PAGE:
British house prices are expected to rise 9 percent this year and 6 percent next, as gains in the London market push already overpriced homes in the capital even further out of reach for many buyers, a Reuters poll found.
But the heady gains could be curbed if the Bank of England tightens monetary policy as expected, the poll of over 20 market specialists taken in the past week found.
“Given that (interest) rates have been at 0.5 percent for so long, many households will have to significantly adjust spending when rates go up,” said James Kingdon at property consultancy GVA.
“There are, however, a large number of households who have taken long-term fixed-mortgage options to protect against this scenario, suggesting any negative effect will be felt further down the line.”
The BoE cut its benchmark interest rate to a record low 0.5 percent in March 2009. Many assume it will be the first major central bank to raise rates – probably in the first three months of next year – and that it will follow up with regular increases.
That would make mortgages more expensive. The average asking price for a home was 262,401 pounds in August, according to property website Rightmove, down nearly 3 percent from July, but still around 10 times the average British salary.
In June, the BoE put limits on how much mortgage lending British banks could do at high loan-to-income ratios. It also imposed tighter affordability constraints on prospective home-buyers.
Until last December, annual inflation had exceeded the Bank of England’s 2 percent target every month since December 2009. It has since fallen to 1.6 percent in July, but still has held firmly above wage growth.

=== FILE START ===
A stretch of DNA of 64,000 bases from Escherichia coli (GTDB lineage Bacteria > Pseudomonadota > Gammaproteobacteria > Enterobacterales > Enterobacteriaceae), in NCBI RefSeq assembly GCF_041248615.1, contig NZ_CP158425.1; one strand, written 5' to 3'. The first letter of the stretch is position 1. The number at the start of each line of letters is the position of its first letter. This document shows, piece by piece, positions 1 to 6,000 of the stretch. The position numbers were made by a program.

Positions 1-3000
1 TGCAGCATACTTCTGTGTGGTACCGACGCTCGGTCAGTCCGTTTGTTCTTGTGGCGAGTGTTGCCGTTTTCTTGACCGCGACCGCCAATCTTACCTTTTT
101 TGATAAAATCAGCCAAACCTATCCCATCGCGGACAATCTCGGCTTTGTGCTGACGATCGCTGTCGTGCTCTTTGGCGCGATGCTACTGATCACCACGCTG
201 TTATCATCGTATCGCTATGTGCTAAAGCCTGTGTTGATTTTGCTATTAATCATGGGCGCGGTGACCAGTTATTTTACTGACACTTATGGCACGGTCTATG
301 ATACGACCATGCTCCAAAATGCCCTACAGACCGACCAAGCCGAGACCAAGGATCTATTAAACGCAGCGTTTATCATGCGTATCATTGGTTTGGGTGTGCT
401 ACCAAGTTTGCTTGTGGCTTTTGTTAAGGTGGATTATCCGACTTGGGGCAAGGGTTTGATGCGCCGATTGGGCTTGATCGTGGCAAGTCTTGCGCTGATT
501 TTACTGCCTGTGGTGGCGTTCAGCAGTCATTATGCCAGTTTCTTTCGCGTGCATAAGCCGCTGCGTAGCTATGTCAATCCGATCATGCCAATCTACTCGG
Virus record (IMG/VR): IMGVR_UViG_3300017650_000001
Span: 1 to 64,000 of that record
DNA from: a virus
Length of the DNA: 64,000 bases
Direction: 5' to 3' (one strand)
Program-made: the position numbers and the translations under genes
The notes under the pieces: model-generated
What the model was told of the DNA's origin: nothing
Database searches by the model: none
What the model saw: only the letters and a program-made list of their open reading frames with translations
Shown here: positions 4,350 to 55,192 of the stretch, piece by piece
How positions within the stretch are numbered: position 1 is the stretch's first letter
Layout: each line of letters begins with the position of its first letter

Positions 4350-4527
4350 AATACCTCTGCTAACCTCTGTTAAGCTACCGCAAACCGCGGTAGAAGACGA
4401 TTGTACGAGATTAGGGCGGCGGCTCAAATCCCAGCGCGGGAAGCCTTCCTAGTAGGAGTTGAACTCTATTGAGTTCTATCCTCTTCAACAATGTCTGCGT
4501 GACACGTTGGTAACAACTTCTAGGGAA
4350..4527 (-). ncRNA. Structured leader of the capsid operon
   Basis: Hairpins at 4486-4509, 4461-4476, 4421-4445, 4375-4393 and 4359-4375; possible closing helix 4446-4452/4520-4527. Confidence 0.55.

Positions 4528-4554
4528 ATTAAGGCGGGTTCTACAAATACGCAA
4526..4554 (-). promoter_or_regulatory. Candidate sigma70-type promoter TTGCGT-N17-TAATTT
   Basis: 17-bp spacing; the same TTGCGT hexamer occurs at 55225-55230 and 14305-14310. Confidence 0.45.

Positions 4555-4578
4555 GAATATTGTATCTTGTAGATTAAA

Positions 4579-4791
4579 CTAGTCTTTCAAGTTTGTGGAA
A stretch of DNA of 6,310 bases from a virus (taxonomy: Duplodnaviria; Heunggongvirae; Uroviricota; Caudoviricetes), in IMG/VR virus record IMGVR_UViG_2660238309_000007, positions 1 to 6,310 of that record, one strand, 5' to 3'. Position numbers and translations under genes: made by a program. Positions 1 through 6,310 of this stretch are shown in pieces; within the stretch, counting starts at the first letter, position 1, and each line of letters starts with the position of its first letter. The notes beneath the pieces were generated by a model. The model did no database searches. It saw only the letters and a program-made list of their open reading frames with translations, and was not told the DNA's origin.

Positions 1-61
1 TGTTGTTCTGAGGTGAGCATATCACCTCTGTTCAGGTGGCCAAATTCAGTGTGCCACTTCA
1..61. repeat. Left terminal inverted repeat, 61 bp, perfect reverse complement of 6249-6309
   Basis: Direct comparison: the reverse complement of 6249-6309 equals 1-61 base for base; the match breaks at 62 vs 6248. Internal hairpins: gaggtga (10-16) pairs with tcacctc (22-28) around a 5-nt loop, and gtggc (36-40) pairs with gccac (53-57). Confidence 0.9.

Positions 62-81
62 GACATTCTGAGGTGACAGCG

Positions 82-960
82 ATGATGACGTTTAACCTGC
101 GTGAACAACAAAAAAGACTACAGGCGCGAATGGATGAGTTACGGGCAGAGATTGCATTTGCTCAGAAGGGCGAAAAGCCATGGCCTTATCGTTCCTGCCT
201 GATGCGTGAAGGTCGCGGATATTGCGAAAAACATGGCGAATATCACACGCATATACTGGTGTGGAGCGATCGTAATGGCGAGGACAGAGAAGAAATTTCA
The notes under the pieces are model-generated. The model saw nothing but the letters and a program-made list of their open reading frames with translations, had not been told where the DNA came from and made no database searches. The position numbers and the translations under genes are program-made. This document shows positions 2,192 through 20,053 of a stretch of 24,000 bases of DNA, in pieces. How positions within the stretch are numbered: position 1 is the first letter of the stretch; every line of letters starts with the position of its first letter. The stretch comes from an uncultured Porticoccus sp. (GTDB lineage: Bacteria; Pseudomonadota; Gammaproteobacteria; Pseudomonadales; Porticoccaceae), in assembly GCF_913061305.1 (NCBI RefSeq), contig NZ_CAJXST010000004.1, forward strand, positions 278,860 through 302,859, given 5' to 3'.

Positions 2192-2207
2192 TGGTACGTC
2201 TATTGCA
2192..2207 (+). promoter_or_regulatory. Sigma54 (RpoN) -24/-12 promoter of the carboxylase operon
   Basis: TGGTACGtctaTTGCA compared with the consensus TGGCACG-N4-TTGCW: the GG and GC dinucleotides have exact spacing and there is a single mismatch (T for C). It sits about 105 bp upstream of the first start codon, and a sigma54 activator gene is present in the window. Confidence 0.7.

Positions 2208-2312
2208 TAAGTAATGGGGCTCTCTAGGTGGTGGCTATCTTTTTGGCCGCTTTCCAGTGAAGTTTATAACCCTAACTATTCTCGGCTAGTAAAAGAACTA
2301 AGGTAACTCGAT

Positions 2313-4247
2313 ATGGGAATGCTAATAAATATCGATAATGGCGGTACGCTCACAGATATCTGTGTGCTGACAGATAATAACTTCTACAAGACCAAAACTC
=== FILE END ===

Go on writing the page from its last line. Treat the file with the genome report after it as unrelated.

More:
Perhaps unsurprisingly, therefore, the poll said prices were too high. It gave a consensus rating of 6 on a 10-point scale, where one is very undervalued and 10 is very overvalued. In London the consensus was 9 – and five analysts said 10.
“Long-term housing affordability measures relative to net incomes show the current position way above long-term trended averages. This position is accentuated in London,” said Mark Farmer at investment consultancy EC Harris.
London prices are expected to rise 12 percent this year, 6 percent next and 5 percent in 2016, the poll found. In a May poll the respective forecasts were 12.0, 7.5 and 6.5 percent.
Nationwide, prices are forecast to rise 4 percent in 2016. Expectations were slightly stronger for this year and next than in May’s poll.
Home ownership has long been the bedrock of consumer wealth in Britain, and the market made a swift recovery from a slump during the 2008-2009 financial crisis, when housebuilders’ reluctance to build added to a supply shortage.
However, those housebuilders have benefited from government schemes such as ‘Help to Buy’, which enables buyers with a small deposit to get a mortgage and has spurred the market.
Bovis Homes reported a 150 percent leap in first- half operating profit last week, just before Persimmon Plc posted a 57 percent profit rise and said it was trading ahead of last year in the traditionally slower summer period.
Still, Bovis Chief Executive David Ritchie said the company would regard an interest rate rise as the right step to a more sustainable housing market.
“If house prices (outside London) cool to something more in line with inflation, so 1 to 2 percent per annum, that would be perfect for us,” he said. “That gives us the ability to run a long-term sustainable business.”